setMotor(backLeft, getJoystickValue(ChD) + getJoystickValue(ChB) - getJoystickValue(ChC); this will be 100 plus 0 minus 0 = 100

So you can see all the motors end up on 100 and so the robot goes forwards. Now lets take a look what happens if you hold the rotate stick (ChB) full left (-100)

It gets a bit complicated because sometimes you are subtracting a negative value - keep your eyes peeled!

setMotor(frontRight, getJoystickValue(ChD) - getJoystickValue(ChB) - getJoystickValue(ChC); this will be 0 minus -100 minus 0 = 100

setMotor(backRight, getJoystickValue(ChD) - getJoystickValue(ChB) + getJoystickValue(ChC); this will be 0 minus -100 plus 0 = 100

setMotor(frontLeft, getJoystickValue(ChD) + getJoystickValue(ChB) + getJoystickValue(ChC); this will be 0 plus -100 plus 0 = -100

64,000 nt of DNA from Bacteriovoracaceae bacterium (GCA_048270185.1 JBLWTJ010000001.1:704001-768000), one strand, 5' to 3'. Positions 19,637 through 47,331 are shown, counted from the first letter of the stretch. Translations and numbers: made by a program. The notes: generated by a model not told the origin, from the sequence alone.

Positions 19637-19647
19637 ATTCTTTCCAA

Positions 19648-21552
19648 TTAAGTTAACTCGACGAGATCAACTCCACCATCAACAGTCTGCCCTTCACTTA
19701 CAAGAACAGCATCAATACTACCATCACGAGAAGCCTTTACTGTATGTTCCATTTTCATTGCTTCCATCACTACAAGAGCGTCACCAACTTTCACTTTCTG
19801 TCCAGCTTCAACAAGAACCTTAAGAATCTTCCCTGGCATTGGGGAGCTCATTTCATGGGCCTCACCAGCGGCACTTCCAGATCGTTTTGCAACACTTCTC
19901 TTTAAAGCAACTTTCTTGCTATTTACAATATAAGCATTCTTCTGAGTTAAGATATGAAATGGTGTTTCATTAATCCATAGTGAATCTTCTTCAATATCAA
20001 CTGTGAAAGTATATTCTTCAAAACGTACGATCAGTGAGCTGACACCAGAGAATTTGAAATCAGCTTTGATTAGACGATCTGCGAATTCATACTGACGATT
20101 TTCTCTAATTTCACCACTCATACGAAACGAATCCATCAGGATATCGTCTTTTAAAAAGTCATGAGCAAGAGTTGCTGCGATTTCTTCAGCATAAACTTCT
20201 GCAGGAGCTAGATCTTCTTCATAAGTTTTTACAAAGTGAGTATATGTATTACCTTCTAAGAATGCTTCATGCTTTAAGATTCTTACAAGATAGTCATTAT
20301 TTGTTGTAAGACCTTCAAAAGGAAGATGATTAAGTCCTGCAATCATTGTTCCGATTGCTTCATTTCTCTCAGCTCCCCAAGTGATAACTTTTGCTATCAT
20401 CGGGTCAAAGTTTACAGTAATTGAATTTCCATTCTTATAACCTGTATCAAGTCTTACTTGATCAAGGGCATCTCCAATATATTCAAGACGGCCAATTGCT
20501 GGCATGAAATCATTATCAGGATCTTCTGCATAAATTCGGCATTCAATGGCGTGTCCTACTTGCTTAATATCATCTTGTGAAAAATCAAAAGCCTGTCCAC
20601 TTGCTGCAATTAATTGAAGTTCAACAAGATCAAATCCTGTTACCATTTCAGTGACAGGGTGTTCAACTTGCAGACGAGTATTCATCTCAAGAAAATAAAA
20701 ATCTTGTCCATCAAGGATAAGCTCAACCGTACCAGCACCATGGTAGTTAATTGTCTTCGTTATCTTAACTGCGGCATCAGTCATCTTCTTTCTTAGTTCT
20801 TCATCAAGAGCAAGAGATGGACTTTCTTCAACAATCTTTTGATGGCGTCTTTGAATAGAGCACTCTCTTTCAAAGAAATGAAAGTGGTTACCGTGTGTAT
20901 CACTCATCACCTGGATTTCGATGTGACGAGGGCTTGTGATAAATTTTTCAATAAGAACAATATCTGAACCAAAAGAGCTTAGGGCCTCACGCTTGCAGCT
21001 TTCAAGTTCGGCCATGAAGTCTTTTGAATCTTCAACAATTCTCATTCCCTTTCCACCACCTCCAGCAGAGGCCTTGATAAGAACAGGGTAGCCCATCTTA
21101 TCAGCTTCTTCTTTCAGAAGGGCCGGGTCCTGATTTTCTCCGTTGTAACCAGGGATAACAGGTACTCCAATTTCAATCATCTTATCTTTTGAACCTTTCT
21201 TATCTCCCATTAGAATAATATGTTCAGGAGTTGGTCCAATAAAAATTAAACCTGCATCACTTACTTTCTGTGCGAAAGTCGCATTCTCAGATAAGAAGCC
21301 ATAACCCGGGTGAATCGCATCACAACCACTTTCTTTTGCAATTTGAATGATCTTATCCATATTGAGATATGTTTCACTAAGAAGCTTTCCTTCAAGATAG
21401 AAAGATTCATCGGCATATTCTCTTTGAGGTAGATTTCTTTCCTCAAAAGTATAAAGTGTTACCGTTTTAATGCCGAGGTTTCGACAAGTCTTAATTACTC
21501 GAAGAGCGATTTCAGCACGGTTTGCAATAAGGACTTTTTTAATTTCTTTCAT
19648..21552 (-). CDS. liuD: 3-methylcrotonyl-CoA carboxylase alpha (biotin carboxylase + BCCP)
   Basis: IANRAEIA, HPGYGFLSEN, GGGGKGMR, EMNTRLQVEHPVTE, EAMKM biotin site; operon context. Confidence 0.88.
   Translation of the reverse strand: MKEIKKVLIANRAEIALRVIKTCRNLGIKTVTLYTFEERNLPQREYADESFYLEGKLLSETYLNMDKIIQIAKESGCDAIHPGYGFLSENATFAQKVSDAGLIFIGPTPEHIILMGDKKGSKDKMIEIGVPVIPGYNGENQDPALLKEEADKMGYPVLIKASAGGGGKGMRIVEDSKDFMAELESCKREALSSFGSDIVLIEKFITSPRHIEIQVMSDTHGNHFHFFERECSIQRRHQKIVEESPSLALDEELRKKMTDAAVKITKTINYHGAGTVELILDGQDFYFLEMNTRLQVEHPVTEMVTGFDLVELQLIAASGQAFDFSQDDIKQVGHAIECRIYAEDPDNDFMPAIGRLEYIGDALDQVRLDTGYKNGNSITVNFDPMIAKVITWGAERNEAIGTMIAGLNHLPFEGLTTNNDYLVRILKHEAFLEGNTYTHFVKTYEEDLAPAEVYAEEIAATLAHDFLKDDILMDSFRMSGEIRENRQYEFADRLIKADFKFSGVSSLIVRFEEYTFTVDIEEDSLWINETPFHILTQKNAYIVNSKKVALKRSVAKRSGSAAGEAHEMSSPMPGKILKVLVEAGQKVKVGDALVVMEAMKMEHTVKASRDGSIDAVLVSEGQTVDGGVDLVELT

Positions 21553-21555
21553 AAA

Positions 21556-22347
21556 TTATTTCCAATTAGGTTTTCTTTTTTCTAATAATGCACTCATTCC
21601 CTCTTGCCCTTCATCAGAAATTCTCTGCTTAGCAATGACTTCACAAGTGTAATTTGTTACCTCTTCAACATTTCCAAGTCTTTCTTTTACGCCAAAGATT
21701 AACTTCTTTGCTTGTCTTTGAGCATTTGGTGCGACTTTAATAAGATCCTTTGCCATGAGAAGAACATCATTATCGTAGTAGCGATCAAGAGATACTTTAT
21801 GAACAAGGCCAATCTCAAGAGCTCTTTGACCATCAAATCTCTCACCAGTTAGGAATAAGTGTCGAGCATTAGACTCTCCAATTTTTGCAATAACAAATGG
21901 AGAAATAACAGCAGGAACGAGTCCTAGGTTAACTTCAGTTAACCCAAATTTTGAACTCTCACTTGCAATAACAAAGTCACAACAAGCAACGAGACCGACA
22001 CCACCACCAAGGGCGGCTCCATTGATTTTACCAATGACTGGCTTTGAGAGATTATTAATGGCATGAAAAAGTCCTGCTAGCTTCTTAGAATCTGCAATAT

setMotor(backLeft, getJoystickValue(ChD) + getJoystickValue(ChB) - getJoystickValue(ChC); this will be 0 plus -100 minus 0 = -100

So now the two right motors go forwards and the two left motors go backwards - the robot rotates left (counter-clockwise)

Now lets see what happens if you hold the strafe stick (ChC) full right (100):

setMotor(frontRight, getJoystickValue(ChD) - getJoystickValue(ChB) - getJoystickValue(ChC); this will be 0 minus 0 minus 100 = -100

setMotor(backRight, getJoystickValue(ChD) - getJoystickValue(ChB) + getJoystickValue(ChC); this will be 0 minus 0 plus 100 = 100

setMotor(frontLeft, getJoystickValue(ChD) + getJoystickValue(ChB) + getJoystickValue(ChC); this will be 0 plus 0 plus 100 = 100

setMotor(backLeft, getJoystickValue(ChD) + getJoystickValue(ChB) - getJoystickValue(ChC); this will be 0 plus 0 minus 100 = -100

So the front right and back left wheels go backwards and the front left and back right go forwards so the robot strafes right.

These are the simplest examples but if you try thinking about some joystick inputs where there are two or more numbers to work with, you can work out what will happen.